THINKING THURSDAY: Stable Social Relationships, Dunbar’s Number: Zac Gandara, Robin Dunbar

THINKING THURSDAY: Stable Social Relationships, Dunbar’s Number: Zac Gandara, Robin Dunbar

Thinking Thursday’s are about critically thinking, breaking out of boxes, and discussing new ways we could live this life together.

Maybe you’ve never thought about how we interact with one another, and why small groups and large groups can get weird when put under a hierarchal structure. What if we could be in community with one another.

THINKING THURSDAY: Knowing What You Want. Merger Fantasy.: Zac Gandara

THINKING THURSDAY: Knowing What You Want. Merger Fantasy.: Zac Gandara

Thinking Thursday’s are about critically thinking, breaking out of boxes, and discussing new ways we could live this life together.

Thinking Thursday’s are about critically thinking, breaking out of boxes, and discussing new ways we could live this life together.

What if the thing we're wanting is actually the thing that won't sustain? There's so much we don't know and understand. How do we keep up with all of the research and information to make sure we're building a sustainable, wonderful life?

THINKING THURSDAY: Can Cynicism Be Healthy? Letting Go: Zac Gandara and George Carlin

THINKING THURSDAY: Can Cynicism Be Healthy? Letting Go: Zac Gandara and George Carlin

Thinking Thursday’s are about critically thinking, breaking out of boxes, and discussing new ways we could live this life together.

Thinking Thursday’s are about critically thinking, breaking out of boxes, and discussing new ways we could live this life together.

George Carlin was a stand-up comedian, actor, author, and social critic. He was known for his black comedy and reflections on politics, the English language, psychology, and religion. He had some nihilistic thinking that may be very helpful to some of us.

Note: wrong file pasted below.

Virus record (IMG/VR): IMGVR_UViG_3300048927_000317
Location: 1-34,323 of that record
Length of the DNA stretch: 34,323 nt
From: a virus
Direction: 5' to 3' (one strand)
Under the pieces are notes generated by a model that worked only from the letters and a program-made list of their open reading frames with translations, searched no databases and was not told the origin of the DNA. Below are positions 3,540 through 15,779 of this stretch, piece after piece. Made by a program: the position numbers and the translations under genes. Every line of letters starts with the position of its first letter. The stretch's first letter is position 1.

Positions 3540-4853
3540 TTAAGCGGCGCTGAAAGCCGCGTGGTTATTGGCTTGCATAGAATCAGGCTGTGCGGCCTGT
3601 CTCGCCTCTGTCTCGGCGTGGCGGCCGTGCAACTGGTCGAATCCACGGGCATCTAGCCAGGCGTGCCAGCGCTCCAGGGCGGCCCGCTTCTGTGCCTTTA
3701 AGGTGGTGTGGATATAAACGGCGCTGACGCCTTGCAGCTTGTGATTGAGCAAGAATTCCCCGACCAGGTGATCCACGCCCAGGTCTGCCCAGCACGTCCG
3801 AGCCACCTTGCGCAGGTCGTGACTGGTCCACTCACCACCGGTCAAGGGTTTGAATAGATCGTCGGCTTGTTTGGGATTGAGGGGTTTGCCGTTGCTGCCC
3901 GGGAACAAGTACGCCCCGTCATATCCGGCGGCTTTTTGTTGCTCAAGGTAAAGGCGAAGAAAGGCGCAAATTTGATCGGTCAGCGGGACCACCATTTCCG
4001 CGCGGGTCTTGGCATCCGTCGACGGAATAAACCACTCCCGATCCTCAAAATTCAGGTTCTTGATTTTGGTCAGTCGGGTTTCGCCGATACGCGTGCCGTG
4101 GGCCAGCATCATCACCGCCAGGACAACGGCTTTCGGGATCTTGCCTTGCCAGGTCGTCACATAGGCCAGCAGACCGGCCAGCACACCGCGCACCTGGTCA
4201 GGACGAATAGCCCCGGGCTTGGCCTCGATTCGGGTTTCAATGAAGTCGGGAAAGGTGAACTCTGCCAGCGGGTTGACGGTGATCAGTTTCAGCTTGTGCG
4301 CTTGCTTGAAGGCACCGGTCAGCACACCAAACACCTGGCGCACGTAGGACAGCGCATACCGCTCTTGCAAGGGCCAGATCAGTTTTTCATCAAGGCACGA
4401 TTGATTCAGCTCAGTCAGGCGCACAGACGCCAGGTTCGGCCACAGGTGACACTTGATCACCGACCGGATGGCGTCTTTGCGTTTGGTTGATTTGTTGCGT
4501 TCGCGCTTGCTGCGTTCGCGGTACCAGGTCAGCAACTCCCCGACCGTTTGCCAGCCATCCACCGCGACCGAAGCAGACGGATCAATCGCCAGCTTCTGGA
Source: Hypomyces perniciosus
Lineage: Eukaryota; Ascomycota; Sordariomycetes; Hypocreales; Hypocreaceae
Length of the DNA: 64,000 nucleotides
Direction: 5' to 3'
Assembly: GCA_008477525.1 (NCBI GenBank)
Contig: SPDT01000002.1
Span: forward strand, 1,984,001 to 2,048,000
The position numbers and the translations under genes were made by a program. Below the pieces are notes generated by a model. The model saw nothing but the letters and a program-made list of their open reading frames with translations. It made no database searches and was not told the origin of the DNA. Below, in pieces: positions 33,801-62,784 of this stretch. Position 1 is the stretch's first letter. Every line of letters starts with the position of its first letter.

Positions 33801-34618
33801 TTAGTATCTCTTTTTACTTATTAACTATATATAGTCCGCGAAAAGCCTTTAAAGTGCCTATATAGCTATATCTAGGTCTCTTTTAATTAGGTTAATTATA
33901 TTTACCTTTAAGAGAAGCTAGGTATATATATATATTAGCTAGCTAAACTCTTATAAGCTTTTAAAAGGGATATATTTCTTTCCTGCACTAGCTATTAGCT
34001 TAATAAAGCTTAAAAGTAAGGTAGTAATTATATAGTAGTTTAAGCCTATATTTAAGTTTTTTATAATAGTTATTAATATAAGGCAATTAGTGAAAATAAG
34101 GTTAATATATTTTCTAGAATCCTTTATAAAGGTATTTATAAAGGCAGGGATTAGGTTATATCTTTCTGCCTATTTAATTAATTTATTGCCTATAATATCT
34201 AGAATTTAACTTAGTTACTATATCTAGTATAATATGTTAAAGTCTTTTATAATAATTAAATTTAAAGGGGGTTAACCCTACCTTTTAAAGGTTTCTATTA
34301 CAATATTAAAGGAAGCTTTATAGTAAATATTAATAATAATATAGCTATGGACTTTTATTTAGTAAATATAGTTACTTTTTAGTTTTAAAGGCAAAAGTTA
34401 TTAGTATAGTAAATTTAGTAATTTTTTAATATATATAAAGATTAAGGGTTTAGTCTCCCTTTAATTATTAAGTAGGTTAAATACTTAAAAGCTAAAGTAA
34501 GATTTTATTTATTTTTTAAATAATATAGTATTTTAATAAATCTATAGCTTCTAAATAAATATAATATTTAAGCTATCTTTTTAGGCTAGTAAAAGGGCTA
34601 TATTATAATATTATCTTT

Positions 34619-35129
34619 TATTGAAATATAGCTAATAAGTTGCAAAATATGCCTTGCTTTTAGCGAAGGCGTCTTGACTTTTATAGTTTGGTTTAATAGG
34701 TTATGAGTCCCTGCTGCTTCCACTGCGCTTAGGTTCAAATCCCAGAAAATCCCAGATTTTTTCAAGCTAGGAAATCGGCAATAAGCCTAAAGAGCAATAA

THINKING THURSDAY: What Is Critical Thinking? Part 3: Zac Gandara

THINKING THURSDAY: What Is Critical Thinking? Part 3: Zac Gandara

Thinking Thursday’s are about critically thinking, breaking out of boxes, and discussing new ways we could live this life together.

Thinking Thursday’s are about critically thinking, breaking out of boxes, and discussing new ways we could live this life together.

ON TODAY’S THINKING THURSDAY WE DISCUSS:

1. What are we aiming to achieve with Critical Thought?

2. Perhaps the most crucial element of thinking critically is foresight: The Benefit of Foresight.

THINKING THURSDAY: What Is Critical Thinking? Part 2: Zac Gandara

THINKING THURSDAY: What Is Critical Thinking? Part 2: Zac Gandara

Thinking Thursday’s are about critically thinking, breaking out of boxes, and discussing new ways we could live this life together.

Once we understand the theory of critical thinking, improving our critical thinking skills takes persistence and practice. Try this exercise and see how you can begin to think more critically.

THINKING THURSDAY: What Is Critical Thinking?: Zac Gandara

THINKING THURSDAY: What Is Critical Thinking?: Zac Gandara

Thinking Thursday’s are about critically thinking, breaking out of boxes, and discussing new ways we could live this life together.

Critical Thinking.

What is it?

Why be a critical thinker?

What can a critical thinker do?

What skills do we need?

THINKING THURSDAY: Rituals, Bogus? Or Beautiful?: Zac Gandara

THINKING THURSDAY: Rituals, Bogus? Or Beautiful?: Zac Gandara

Thinking Thursday’s are about critically thinking, breaking out of boxes, and discussing new ways we could live this life together.

What’s up with rituals? What do you think? Are they bullshit? Or Helpful?

THINKING THURSDAY: Projecting the Shadow Shelf: Carl Jung: David R. Hawkins M.D. Ph.D: Zac Gandara

THINKING THURSDAY: Projecting the Shadow Shelf: Carl Jung: David R. Hawkins M.D. Ph.D: Zac Gandara

Thinking Thursday’s are about critically thinking, breaking out of boxes, and discussing new ways we could live this life together.

All too often we project our own negativity, fear, or issues onto the world around us instead of owning it as a part of us. The concept of the “shadow” self came from Swiss psychiatrist and psychoanalyst Carl Jung. What if we accepted our shadow selves? How could that help heal our world?